There’s more than one kind of crime fiction reader, and I’m the right kind.
Not just because I actually buy books, although that’s good news for the authors I read. What I mean by ‘the right kind’ of reader is that one of the critical elements in crime fiction, for me, is that I’m invested in justice. I want to see the guilty pay.
Sometimes, I think we can dance all around a topic, a philosophy, but then in one simple moment we put our finger on exactly what it is we think and we have clarity. We understand.
I’ve stated on numerous occasions that I’m a bit of a police procedural junkie. And curiously, British police procedurals have dominated my bookshelves. I never understood those who griped about the dominance of police procedurals in the UK market. To me, this just meant more great books to love. Whenever people groaned about another British police procedural, I’d feel my spine stiffen. I felt threatened, like they wanted to put an end to the books I loved. I took the griping personally.
But I never really processed why I loved police procedurals, until last week. I was reading views on a topic on The Billingham Talk Zone and it was only as I read through the various opinions that it finally clicked for me.
I want to know there’s someone else out there, somebody who sees the evils of the world and wants to stop the bad guys. That doesn’t mean I need to see every fictional criminal locked up in every book I read – it isn’t necessarily about succeeding. It’s about connecting, to a character who believes in justice, goes after it, tries to right wrongs.
Now, that doesn’t even mean the book has to be about cops. It’s just that you tend to find that aspect of the story in police procedurals. There are amateur sleuth/PI books that do the same: Cornelia Read’s debut, A Field of Darkness. Laura Lippman’s Tess Monaghan books. John Rickards, in both Winter’s End and The Touch of Ghosts. And I’m curiously invested in Simon Kernick’s character, Dennis Milne. Flawed, yes, but not without redemption. And in some ways, a man more able to deliver justice than the average cop.
Now, you might be surprised at me, saying I’ve only realized this recently. Sandra, you’re writing police procedurals, aren’t you?
Pairing a cop and a reporter as the two protagonists wasn’t something any author I was reading was doing when I started Suspicious Circumstances. Oh, I’m sure other authors were, but it certainly wasn’t about copying or being influenced by someone’s example.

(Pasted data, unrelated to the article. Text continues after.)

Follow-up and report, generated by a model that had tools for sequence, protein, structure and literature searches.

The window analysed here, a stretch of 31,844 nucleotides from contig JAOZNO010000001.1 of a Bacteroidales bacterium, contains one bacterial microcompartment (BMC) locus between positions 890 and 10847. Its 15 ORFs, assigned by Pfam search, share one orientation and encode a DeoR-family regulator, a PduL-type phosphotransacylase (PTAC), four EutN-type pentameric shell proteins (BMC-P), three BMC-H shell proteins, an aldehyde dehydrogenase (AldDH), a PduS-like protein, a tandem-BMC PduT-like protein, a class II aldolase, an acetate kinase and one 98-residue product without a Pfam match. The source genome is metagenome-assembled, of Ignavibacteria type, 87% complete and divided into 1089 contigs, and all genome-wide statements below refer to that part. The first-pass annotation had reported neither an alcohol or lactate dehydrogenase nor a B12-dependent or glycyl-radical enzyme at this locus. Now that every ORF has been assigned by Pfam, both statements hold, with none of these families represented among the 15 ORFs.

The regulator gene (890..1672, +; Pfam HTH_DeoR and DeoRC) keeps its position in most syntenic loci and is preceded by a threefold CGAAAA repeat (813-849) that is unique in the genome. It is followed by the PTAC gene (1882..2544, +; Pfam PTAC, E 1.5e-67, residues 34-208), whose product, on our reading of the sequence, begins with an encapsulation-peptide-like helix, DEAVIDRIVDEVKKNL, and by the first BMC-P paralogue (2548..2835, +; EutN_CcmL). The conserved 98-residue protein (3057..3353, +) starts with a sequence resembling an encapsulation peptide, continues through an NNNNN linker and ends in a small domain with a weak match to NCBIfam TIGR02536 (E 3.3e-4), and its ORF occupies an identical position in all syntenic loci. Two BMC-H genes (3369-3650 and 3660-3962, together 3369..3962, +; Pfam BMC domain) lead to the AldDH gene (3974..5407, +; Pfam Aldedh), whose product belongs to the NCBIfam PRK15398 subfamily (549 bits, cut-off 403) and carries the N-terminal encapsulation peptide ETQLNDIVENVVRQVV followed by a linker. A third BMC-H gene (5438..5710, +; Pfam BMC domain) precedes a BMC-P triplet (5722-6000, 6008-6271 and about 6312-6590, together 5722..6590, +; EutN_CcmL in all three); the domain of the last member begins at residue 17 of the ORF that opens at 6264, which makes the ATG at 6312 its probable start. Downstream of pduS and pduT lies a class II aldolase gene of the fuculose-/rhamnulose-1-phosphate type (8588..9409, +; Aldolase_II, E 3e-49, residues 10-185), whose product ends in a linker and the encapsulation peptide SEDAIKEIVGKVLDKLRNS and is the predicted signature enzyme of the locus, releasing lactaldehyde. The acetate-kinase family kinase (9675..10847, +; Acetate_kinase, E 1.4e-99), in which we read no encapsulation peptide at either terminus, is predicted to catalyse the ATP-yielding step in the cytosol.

What it was about was going into territory I felt confident with. I could step into the reporter’s shoes. Dealing with police procedure, for me, would be trickier.
But it didn’t really matter for this story, because corruption within the police department is such a key element that most of the time, Lara and Farraday are working well outside of standard procedure. Hell, a cop and a reporter, forced to work together after she’s attacked and they discover a body… Rewind and stop at the cop and reporter working together – this isn’t anything remotely like standard procedure.
Which brings me to another characteristic of the common popular cop. One who ignores their superiors and puts justice and truth ahead of politics and protocol. Why are these characters – Rebus, Thorne, McRae –so popular with readers? Precisely because they’re invested in justice. They say to hell with the politics and do what needs to be done, despite the risks to their career.
I know on the surface, people can look at those behaviours and say they’re reckless and self-destructive, but I think one of the reasons these fictional cops have such a wide appeal is because they put truth above a promotion. Not some ass-kissing political schmoozer who will change position in the blink of an eye. Someone with integrity, even if it’s just to their own moral code.
To me, this is why the police procedural will never die. There are a lot of readers out there who, like me, want to believe that when we’re the victims of a crime, some cop is going to put justice for us ahead of everything else, a cop we can trust, who won’t just go through the motions. We want to believe they’ll actually care.
For me, this is the appeal of reading about cops and writing about cops. Oh, obviously I don’t believe all cops are perfect. Rewind back to what I said about Suspicious Circumstances – corruption within the police department is such a key element that most of the time, Lara and Farraday are working well outside of standard procedure. The underlying themes of justice and trust are the critical elements to the story. As Julia Buckley said after reading it, Everyone in the book suspects somebody of something, not just the cops and reporters, but family members, kids, adults, townspeople. It creates a lot of tension.
Which was the whole idea. ☺ And, I hope, makes the reader that much more invested in seeing the bad guys brought down.
Because when you can’t trust your partner on the police force, standing up for the truth could cost you your life.
Welcome to Farraday’s world.
Are you the ‘right’ kind of reader? Or writer? What is it about crime fiction that appeals to you?
Author of Suspicious Circumstances
On Life and Other Inconveniences
PS: If it’s an average day, I’ll cross the 23,000 visitor mark on my blog today. Thanks to all who read my ramblings. I promise a rant tomorrow like you haven’t seen from me in at least five days…
14 Comments so far
Leave a comment